Bangladesh has a long history of dealing with seasonal changes resulting in droughts and floods. Three major rivers, the Ganges, Brahmaputra and Meghna (GBM) come to a confluence, forming the GBM floodplain. There is a specific time window (June to September) when most of the runoff occurs and over 90% of their combined flow is discharged into the Bay of Bengal. As a result, the seasonal monsoons result in wet and dry seasons, making Bangladesh vulnerable to both floods and droughts. Climate change will likely alter characteristics such as timing and intensity, therefore increasing the challenge of adaptation. Socioeconomic conditions and high-population density limit the country's ability to adapt to these hydro-meteorological extremes. Although climatic variability causes severe damage and loss of life in Bangladesh, examples of local adaptation to the annual rhythm of seasonal variation can be found in flood-prone areas. Scientific modeling has resulted in more robust and efficient early warning systems that have greatly decreased the loss of life from climate hazards in recent years. However, positive impacts from models are limited by complex social concerns that are pervasive across the country.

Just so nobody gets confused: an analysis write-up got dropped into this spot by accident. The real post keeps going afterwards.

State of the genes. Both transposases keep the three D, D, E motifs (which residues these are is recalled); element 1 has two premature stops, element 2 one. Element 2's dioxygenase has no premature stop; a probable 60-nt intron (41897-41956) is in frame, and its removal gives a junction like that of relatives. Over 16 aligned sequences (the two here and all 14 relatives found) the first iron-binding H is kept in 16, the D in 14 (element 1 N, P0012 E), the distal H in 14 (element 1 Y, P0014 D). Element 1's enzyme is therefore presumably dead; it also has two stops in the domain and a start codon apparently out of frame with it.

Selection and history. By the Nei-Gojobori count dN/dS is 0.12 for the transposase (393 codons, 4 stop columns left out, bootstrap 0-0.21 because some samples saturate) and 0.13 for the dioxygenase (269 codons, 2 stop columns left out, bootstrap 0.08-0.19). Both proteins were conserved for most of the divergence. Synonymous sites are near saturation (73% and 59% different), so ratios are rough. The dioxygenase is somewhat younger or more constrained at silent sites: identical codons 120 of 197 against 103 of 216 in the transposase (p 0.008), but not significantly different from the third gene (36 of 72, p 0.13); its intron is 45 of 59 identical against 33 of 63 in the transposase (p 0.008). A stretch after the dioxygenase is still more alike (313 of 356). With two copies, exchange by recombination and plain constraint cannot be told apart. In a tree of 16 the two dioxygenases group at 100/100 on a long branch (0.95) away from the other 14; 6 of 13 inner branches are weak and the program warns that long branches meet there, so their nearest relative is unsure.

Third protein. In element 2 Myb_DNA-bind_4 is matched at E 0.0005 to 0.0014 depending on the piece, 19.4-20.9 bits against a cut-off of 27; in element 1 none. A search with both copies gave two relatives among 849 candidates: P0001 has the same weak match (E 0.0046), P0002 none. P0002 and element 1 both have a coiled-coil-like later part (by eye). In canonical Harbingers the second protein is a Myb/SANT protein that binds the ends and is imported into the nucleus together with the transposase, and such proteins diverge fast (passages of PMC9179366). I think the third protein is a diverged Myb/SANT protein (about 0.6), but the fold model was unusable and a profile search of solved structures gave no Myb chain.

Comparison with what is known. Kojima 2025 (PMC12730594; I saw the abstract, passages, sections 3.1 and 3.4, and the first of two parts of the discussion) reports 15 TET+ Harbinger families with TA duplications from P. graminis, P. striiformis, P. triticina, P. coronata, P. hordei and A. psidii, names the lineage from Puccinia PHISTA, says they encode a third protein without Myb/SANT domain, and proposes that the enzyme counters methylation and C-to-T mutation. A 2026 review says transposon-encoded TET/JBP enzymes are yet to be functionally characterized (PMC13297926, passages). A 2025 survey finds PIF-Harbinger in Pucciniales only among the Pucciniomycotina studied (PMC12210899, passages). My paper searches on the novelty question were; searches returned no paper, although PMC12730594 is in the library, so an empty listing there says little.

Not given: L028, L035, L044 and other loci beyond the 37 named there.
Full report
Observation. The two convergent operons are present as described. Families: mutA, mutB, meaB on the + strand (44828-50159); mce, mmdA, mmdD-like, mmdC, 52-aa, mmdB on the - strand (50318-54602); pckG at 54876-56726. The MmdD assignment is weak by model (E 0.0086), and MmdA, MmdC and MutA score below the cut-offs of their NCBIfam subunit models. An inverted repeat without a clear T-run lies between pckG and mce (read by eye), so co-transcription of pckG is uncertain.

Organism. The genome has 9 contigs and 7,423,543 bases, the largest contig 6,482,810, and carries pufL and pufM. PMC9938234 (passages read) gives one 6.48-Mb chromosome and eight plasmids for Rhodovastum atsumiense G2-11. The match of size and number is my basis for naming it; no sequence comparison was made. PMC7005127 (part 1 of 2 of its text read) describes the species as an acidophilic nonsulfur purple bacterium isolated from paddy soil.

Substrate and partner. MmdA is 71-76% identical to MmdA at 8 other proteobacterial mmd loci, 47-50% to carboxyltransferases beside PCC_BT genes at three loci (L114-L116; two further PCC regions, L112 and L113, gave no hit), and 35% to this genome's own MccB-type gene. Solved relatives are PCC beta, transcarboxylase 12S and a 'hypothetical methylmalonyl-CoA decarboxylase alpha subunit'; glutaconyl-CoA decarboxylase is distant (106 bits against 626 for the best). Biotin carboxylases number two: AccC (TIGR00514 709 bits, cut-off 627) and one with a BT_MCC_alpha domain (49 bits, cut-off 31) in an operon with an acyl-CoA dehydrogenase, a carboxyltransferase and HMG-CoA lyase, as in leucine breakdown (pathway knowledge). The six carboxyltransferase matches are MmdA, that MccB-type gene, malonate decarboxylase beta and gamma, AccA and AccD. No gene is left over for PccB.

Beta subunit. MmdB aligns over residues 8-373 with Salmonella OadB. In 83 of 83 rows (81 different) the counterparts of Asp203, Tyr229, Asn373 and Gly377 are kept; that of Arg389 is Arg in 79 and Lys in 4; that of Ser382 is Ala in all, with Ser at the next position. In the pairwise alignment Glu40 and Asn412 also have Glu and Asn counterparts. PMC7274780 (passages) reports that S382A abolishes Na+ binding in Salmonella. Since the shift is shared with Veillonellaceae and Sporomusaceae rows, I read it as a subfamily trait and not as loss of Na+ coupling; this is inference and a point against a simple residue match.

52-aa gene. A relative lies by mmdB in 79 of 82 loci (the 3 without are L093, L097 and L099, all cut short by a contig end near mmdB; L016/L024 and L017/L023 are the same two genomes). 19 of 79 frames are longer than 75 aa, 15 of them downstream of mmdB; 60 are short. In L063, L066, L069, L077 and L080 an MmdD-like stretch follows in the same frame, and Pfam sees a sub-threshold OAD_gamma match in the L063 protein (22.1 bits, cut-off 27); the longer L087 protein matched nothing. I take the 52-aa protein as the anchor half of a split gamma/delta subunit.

Lauren Khan, A. (2012), "Chapter 9 Creative Adaptation: Bangladesh's Resilience to Flooding in a Changing Climate", Lamadrid, A. and Kelman, I. (Ed.) Climate Change Modeling For Local Adaptation In The Hindu Kush-Himalayan Region (Community, Environment and Disaster Risk Management, Vol. 11), Emerald Group Publishing Limited, Bingley, pp. 159-175. https://doi.org/10.1108/S2040-7262(2012)0000011015Download as .RIS
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